Tuesday, July 08, 2003

Navigating Heterogeneous Wireless

Whenever people talk about wireless, it seems that they talk about it as if it was going to be homogenous. WiFi people talk about WiFi everywhere; 3G talks about 3G everywhere; Bluetooth talks about the subset of the world in which Bluetooth is everywhere. But the reality must be that the world will be extremely uneven; broadband wireless somewhere, no network somewhere else. Some of this unevenness will be predictable; here a hotspot, there a hotspot; some of it will be unpredictable as new signals come on line. We need to start thinking about wireless spaces, in the ways that architects think about physical space.

Architects, and I'm specifically thinking about architects of public space like museums, have a well-developed set of skills and vocabulary for designing space. Some spaces are for collecting traffic flow, others are dispersive; some are gateways that offer choices to visitors, some are places with content. And among all these different kinds of spaces are wayfinding tools to help visitors find what they want. Some of these wayfinding tools are explicit, like signs ("Rest rooms ->"); others are implicit and perhaps not even consciously noticed by visitors (like having a larger, more open space to one side).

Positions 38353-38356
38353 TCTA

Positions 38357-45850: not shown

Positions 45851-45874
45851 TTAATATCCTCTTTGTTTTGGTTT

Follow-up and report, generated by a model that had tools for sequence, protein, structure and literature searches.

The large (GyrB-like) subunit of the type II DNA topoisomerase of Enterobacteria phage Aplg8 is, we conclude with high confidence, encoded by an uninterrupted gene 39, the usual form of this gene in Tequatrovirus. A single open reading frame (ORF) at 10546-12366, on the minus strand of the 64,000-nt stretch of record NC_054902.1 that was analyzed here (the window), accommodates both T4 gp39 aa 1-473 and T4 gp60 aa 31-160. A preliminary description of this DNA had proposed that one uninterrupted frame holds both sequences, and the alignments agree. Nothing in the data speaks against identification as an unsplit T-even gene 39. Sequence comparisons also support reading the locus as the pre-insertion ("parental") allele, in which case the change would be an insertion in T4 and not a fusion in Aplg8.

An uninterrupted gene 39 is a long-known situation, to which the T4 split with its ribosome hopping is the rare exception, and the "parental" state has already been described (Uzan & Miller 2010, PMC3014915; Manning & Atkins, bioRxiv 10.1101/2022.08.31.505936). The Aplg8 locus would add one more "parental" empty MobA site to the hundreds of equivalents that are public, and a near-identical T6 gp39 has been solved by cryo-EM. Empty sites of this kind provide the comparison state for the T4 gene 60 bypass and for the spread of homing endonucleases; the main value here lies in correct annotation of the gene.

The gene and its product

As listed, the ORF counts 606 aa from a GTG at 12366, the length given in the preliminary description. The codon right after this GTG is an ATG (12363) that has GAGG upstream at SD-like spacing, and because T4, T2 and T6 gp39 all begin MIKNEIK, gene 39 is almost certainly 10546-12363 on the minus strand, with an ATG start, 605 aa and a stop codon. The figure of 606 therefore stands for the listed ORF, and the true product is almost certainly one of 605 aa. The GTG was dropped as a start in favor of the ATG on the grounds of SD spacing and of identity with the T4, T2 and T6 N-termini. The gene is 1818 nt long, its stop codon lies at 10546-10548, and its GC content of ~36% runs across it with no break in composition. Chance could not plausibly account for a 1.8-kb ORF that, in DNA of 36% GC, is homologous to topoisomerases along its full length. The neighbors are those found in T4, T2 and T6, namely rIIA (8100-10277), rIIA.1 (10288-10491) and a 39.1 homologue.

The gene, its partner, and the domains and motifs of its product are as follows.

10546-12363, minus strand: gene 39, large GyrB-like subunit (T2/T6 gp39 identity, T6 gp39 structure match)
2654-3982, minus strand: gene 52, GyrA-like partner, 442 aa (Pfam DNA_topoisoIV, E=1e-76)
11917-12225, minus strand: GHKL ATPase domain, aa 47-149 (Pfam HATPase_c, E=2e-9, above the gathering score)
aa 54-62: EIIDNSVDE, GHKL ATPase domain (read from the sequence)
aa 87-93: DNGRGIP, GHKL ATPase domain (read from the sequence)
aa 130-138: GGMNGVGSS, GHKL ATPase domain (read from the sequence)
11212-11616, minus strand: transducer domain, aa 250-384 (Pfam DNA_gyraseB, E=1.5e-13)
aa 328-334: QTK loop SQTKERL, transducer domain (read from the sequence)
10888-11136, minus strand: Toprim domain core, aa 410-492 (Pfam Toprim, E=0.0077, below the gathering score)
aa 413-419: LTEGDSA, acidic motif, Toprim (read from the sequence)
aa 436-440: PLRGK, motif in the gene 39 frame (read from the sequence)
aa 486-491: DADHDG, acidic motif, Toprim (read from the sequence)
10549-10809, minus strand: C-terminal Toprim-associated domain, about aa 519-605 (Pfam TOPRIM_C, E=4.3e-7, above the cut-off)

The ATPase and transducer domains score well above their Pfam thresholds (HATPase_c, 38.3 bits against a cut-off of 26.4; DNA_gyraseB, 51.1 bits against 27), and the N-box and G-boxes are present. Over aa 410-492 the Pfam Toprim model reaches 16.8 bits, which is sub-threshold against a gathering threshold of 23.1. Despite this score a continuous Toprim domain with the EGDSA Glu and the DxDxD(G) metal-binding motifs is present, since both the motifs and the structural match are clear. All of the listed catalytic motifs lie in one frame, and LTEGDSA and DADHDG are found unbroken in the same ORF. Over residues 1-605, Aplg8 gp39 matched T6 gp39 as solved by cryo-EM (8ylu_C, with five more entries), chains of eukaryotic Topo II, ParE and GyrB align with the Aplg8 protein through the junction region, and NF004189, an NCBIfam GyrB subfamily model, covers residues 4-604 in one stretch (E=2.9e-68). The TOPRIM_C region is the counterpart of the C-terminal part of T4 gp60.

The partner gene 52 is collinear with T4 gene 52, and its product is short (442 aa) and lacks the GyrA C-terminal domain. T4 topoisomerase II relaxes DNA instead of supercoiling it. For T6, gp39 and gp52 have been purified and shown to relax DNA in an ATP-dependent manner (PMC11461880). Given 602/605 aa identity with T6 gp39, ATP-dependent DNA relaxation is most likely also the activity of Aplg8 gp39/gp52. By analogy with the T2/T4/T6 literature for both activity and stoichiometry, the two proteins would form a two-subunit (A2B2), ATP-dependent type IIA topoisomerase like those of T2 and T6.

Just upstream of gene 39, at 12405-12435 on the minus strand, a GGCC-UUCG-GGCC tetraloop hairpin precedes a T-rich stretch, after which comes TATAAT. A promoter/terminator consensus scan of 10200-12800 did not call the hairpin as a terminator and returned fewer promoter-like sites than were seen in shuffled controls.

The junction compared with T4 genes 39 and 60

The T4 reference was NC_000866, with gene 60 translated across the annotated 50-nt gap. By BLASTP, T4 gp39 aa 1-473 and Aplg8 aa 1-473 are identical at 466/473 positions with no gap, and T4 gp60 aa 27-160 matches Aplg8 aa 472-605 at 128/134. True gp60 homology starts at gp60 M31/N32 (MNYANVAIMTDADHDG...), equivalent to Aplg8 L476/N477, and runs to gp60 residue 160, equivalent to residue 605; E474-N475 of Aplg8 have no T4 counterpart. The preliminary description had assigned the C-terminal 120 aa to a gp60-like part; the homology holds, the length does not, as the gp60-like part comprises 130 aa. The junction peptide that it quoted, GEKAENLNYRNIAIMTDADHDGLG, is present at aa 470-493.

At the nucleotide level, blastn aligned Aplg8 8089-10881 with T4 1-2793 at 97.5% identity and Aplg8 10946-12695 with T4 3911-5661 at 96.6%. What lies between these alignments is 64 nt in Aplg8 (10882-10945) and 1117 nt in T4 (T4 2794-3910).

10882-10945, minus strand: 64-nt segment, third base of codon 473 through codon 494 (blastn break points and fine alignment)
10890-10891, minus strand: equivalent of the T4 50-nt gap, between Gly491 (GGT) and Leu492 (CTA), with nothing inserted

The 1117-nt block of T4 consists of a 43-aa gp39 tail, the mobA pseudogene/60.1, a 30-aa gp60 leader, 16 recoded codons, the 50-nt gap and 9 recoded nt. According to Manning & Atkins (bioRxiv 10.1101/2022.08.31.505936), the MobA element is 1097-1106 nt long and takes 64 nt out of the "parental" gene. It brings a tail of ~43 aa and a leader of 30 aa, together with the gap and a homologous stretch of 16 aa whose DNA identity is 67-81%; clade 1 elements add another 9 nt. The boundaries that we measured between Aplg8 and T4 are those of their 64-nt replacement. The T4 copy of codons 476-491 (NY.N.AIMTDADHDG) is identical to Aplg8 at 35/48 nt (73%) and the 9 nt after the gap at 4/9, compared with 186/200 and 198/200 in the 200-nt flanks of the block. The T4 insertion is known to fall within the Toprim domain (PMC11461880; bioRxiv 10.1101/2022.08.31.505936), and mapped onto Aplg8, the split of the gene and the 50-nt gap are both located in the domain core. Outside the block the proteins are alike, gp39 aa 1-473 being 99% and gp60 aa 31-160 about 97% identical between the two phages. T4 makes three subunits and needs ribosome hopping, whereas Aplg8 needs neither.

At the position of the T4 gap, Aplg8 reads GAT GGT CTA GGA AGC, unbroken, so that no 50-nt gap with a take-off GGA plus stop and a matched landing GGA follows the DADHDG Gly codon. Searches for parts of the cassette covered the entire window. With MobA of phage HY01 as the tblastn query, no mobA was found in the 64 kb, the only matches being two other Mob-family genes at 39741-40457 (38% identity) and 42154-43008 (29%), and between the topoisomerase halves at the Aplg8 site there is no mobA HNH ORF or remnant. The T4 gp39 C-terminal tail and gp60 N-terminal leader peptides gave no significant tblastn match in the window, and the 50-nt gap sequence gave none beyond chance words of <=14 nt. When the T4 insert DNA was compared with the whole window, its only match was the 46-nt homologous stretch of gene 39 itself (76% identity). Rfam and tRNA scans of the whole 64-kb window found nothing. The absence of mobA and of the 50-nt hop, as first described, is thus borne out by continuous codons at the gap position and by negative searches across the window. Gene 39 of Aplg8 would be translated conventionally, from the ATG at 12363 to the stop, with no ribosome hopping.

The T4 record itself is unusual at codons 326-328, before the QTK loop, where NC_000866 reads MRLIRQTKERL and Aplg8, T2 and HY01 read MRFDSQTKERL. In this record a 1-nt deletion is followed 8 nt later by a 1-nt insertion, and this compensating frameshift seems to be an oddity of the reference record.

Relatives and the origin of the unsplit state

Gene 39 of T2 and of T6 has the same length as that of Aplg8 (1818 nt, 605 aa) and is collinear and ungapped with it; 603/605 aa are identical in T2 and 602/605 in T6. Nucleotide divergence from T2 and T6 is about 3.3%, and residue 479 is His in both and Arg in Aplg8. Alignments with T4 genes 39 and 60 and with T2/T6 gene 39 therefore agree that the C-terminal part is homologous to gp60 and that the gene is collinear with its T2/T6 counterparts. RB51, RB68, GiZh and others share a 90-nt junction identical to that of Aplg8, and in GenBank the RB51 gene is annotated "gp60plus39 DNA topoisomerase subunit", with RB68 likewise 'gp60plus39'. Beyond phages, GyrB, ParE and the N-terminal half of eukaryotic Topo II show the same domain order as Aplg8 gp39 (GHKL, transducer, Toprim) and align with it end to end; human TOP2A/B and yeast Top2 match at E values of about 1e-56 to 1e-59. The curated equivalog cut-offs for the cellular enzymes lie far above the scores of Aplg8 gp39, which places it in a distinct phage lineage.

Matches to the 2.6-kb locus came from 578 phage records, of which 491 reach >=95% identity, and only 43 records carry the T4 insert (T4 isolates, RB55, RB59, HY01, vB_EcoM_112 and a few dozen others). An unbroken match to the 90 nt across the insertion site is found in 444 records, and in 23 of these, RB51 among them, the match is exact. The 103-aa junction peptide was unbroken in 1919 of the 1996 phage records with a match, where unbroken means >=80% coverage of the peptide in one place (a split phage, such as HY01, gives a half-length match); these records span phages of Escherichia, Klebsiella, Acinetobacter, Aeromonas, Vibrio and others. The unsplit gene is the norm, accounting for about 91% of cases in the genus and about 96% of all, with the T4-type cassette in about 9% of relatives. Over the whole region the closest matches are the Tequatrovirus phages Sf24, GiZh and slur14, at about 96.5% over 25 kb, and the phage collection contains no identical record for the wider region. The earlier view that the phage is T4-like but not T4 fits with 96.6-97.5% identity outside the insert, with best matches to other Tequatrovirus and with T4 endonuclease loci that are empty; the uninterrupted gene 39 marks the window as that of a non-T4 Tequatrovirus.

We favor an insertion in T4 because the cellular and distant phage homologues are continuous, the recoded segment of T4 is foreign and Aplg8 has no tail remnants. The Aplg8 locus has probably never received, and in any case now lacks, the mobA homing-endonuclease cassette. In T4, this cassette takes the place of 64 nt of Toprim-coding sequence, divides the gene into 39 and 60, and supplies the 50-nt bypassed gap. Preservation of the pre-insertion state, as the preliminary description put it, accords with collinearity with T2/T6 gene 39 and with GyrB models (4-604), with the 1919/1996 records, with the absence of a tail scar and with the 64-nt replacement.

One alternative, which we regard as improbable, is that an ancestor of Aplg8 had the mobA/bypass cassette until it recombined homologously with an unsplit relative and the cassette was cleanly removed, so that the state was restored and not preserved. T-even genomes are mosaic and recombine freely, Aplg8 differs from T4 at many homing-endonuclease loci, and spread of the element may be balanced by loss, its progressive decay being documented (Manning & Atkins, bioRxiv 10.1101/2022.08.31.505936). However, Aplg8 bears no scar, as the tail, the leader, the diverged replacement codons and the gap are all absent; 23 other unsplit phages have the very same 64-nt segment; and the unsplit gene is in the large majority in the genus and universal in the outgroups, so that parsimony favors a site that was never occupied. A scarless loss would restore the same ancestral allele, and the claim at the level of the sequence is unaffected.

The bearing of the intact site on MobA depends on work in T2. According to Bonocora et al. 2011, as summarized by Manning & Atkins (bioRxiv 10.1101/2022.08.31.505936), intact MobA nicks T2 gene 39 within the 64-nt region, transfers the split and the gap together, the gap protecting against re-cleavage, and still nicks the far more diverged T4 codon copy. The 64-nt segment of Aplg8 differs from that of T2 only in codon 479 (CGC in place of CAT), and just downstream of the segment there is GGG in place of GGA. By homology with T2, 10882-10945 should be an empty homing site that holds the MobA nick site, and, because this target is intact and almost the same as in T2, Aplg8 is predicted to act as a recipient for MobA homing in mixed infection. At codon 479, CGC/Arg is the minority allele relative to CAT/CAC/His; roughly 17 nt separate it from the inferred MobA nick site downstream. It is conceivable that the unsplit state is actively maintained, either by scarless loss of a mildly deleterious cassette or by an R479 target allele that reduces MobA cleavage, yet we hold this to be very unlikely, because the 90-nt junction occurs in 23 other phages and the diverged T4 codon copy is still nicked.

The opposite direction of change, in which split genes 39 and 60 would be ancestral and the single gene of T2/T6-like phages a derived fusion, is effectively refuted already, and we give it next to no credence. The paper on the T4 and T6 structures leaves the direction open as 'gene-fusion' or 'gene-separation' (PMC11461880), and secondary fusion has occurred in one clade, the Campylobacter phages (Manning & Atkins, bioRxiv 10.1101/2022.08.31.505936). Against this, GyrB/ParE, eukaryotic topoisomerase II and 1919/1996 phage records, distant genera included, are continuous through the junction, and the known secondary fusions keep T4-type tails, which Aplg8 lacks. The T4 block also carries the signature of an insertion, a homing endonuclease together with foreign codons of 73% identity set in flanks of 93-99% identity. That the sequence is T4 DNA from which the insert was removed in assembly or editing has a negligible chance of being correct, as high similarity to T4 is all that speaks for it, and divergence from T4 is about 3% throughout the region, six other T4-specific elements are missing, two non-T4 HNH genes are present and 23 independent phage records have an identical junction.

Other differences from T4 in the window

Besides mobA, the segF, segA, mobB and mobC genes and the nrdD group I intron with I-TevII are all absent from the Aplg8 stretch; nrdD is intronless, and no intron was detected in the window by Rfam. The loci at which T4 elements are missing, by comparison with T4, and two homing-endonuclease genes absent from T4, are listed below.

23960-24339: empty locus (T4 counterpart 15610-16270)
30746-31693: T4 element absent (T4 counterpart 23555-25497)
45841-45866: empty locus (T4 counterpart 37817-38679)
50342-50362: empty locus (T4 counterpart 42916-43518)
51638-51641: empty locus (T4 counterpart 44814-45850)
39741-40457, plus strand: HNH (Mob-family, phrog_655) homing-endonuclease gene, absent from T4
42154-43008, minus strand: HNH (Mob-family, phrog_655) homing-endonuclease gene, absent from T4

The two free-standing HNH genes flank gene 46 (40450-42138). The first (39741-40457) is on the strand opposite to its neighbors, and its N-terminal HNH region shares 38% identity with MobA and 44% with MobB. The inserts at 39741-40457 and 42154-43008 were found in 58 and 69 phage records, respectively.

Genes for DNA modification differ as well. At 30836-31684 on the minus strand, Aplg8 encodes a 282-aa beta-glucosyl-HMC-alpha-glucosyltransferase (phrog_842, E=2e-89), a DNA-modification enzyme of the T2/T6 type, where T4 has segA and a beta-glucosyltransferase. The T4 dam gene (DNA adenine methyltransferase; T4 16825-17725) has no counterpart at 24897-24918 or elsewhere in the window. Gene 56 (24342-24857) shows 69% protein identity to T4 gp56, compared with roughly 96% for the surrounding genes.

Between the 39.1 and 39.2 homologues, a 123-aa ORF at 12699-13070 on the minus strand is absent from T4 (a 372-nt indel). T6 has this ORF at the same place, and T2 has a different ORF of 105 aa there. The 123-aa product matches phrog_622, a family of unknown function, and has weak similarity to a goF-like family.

But in the wireless world, we as network and interface designers, aren't anywhere near this skill. We don't speak of different kinds of wireless spaces, much less have a vocabulary to communicate with users about spaces and wayfinding. Now this doesn't mean -- it can't mean -- overwhelming the user with dialog boxes or information about the physical network status, but it does mean we need to arm users with information, even if implict or even subconscious, to adequately navigate the wireless spaces.